CINDY ELLEN RUSSELL / CRUSSELL@STARBULLETIN.COM
The elite men ran into the water yesterday to start the Honolulu Triathlon, which began at Magic Island. Andy Potts of Colorado Springs, Colo., was the first to finish, with Julie Swail of Irvine, Calif., tops among women.
Potts sets mark in triathlon
13 surpass triathlon's top time
Andy Potts and 12 of his fellow professional athletes made sure the Honolulu Triathlon course record didn't last very long.
Potts, of Colorado Springs, Colo., shattered the previous-best time from last year by more than 4 minutes in winning the event in 1 hour, 42 minutes, and 27 seconds yesterday. Twelve others surpassed Mitch Dean's winning time of 1:46:55 from last year.
Julie Swail, of Irvine, Calif., was the top women's finisher in 1:52:33.
Australian Gareth Halverson claimed second place in 1:43:23, while Florida's Brian Fleischmann came in third at 1:43:37.
Sarah Haskins came in second among women at 1:52:54 and Laura Bennett was third in 1:53:12.
For the second straight year, the race's 1,500-meter swim was set in the waters of Ala Moana Beach Park, while the 40-kilometer biking and 10-kilometer running thirds extended through urban Honolulu and finished at Magic Island.
With no competition in sight and the finish line a few paces away, Andy Potts allowed himself a moment of early celebration.
He rocked his arms back and forth, cradling an imagined version of his 10-day-old son, Boston, who didn't stray far from his father's thoughts throughout the 2007 Honolulu Triathlon yesterday.
Potts destroyed the rest of the elite field in the fourth year of the race with a course record time of 1 hour, 42 minutes and 27 seconds. He didn't appear the least bit drained as he crossed the finish and held the Magic Island finish tape aloft with a wide grin.
USA Triathlon teammate Brian Fleischmann held pace with Potts over the 1,500-meter swimming and 40-kilometer biking portions, as the two took off on foot simultaneously in the lead for the 10-kilometer running finale.
But the 30-year-old Potts gradually lengthened his lead on foot until his winning margin of nearly a minute, and Fleischmann couldn't keep up the pace. It was a far cry from last year, in which Mitch Dean's winning margin was 5 seconds.
"He's definitely one of the contenders for Olympic gold," said Fleischmann, who congratulated Potts afterward -- for both his achievements -- and told him he gave it his best.
"We have a routine, we have our lives, and to have the kid, it definitely changes things," said Potts, who now lives in Colorado, where his son is. "It throws a wrench into things, in a good way. Sleep patterns, I might have to start napping. So I was a little unsure of how today would go."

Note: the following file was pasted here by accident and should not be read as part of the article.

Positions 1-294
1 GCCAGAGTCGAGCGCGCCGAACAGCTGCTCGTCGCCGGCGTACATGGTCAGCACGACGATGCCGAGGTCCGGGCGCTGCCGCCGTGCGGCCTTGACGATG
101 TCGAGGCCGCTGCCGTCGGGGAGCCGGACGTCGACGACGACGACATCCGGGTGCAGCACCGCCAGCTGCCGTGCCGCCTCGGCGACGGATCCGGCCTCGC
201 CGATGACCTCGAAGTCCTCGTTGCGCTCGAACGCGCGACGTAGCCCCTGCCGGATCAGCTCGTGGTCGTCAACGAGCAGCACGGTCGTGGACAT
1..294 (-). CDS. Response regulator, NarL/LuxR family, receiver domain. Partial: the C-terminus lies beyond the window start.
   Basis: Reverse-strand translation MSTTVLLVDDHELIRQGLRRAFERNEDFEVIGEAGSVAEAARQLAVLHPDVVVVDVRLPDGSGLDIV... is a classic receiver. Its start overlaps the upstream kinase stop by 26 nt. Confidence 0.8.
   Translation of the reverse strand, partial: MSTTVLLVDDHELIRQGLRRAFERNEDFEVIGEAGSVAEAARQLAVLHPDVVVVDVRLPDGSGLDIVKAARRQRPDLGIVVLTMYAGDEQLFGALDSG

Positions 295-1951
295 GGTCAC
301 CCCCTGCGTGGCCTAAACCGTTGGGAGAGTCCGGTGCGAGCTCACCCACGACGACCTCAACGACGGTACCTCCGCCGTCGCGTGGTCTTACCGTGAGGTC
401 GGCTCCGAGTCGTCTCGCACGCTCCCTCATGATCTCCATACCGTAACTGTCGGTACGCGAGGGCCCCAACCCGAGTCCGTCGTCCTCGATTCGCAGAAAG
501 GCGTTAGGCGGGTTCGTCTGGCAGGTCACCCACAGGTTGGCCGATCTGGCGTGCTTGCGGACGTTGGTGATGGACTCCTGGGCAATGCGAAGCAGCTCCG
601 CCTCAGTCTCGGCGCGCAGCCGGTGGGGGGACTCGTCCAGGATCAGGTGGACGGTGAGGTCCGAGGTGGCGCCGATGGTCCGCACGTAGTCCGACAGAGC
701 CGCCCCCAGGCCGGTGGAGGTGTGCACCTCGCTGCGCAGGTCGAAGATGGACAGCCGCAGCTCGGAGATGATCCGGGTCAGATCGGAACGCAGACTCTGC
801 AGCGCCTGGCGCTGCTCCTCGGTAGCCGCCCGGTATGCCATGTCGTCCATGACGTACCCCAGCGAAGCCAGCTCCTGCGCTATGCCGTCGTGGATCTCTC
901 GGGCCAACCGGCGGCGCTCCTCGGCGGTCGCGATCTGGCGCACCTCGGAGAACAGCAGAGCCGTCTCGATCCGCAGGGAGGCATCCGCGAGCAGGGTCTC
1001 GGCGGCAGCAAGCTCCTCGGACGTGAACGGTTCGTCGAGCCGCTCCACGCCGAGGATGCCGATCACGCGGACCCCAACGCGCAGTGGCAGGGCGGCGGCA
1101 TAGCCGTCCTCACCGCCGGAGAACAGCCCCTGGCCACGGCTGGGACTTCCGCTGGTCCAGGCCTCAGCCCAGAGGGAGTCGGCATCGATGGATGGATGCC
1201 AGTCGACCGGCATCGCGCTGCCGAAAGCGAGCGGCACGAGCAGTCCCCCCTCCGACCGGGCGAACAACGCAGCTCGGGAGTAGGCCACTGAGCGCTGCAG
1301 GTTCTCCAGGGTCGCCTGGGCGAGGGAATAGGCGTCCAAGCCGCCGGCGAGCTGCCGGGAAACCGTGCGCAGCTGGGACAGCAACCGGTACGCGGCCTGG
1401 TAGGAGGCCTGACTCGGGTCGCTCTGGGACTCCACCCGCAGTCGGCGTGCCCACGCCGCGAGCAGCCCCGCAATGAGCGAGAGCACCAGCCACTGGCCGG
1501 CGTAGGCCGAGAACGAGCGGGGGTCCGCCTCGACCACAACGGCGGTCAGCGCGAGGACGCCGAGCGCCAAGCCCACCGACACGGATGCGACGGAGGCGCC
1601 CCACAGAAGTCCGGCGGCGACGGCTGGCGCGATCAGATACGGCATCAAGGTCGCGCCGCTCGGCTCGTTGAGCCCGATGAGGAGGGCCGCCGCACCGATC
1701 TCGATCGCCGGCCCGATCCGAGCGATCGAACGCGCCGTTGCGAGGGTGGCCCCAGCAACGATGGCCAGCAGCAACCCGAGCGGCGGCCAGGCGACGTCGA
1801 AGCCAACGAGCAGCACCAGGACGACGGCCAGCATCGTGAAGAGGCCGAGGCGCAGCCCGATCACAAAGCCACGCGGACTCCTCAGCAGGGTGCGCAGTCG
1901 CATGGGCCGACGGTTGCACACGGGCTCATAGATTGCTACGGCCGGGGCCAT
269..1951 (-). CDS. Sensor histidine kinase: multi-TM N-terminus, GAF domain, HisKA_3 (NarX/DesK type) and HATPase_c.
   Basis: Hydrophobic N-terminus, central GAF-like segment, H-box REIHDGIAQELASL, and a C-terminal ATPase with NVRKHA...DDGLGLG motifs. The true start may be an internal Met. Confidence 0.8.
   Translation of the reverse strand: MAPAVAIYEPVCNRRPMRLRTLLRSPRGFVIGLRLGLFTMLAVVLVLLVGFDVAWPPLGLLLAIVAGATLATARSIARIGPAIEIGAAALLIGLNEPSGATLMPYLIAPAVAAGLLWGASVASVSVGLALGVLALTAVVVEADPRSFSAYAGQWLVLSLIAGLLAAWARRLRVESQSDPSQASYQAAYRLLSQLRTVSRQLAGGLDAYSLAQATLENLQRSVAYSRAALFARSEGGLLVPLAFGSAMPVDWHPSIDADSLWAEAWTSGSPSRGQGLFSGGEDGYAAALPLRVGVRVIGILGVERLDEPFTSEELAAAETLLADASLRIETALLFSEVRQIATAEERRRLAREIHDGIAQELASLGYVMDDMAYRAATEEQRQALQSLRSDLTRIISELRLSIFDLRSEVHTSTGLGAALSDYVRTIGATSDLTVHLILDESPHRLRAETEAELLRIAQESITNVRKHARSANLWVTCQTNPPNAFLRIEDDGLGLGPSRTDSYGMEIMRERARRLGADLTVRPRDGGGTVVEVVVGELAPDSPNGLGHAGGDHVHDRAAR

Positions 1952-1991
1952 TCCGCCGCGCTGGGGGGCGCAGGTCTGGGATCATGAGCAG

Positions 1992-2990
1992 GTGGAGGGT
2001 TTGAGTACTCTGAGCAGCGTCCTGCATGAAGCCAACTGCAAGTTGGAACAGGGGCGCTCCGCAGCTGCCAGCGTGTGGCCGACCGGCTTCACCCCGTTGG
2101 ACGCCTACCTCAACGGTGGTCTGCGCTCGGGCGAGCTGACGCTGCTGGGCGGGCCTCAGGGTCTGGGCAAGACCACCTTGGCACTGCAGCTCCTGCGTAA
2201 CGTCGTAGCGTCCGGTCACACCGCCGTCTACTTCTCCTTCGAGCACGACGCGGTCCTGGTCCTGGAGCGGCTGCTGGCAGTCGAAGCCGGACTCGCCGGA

Potts could soon need more nap time than Boston. He'll take next week off, then begin four weeks of consecutive triathlons.
Australian Gareth Halverson rallied for second place in 1:43:23, while Fleischmann came in third at 1:43:37.
Favorable weather conditions led to 13 triathletes besting the previous course record of 1:46:55 set by Australia's Dean last year.
California resident Julie Swail pulled away from Sarah Haskins and Laura Bennett in the final area, around the perimeter of Magic Island, to take women's championship honors in 1:52:33.
"I just went hard for about 200 meters, and then held a steady pace. That was enough to get me some space," Swail said.
CINDY ELLEN RUSSELL / CRUSSELL@STARBULLETIN.COM
Julie Swail received a medal after she won the elite women's division of the Honolulu Triathlon yesterday.
Both Potts and Swail qualified for the Pan Am Games and ITU World Championships this year with their wins.
Swail, 34, a teacher at Orange Coast College, surprised herself with that bit of extra endurance at the end.
"I've been racing long enough that I really can't tell (how much I have left)," Swail said. "I didn't feel particularly good this week."
Haskins came in second among women at 1:52:54 and Bennett was third in 1:53:12.
For the amateurs, it was a Kailua-Kona sweep.
Luis De La Torre, 38, of Kona, took the best age group time at 1:56:28. Honolulu's Kalen Darling, a 19-year-old redshirt freshman on the University of Hawaii swimming team, was second at 1:57:16, good enough to collect his Collegiate Elite License to compete directly alongside the pros in future events.
Bree Wee, also of Kona, was tops among women's age group finishers at 2:02:10. She thanked her family and friends at home for her success.
"Our little town of Kona won this together," said Wee, 27. "Probably just all the support ... Bike Works kept my bike going really well."
HPD Major Randy Macadangdang said there were no major traffic snarls or other race-related issues, although he added that a few people called to complain about tieups around the Honolulu International Airport area, which the biking portion of the race extended to.
Race director Bill Burke was more than satisfied with the day's execution, especially with the integration of a new sprint race (a shorter version of the main triathlon).
An estimated 1,200 triathletes participated, up from about 800 last year, in large part because of the sprint addition.
"We're really pleased with the increase, so things went well," Burke said. "There were really no concerns going in and (we were) excited to work with the city and get one year under our belt and we're just going to build on our success (from) last year."
Robert Guindi and Sarah Rogers were the top sprint racers at 1:10:04 and 1:19:58, respectively.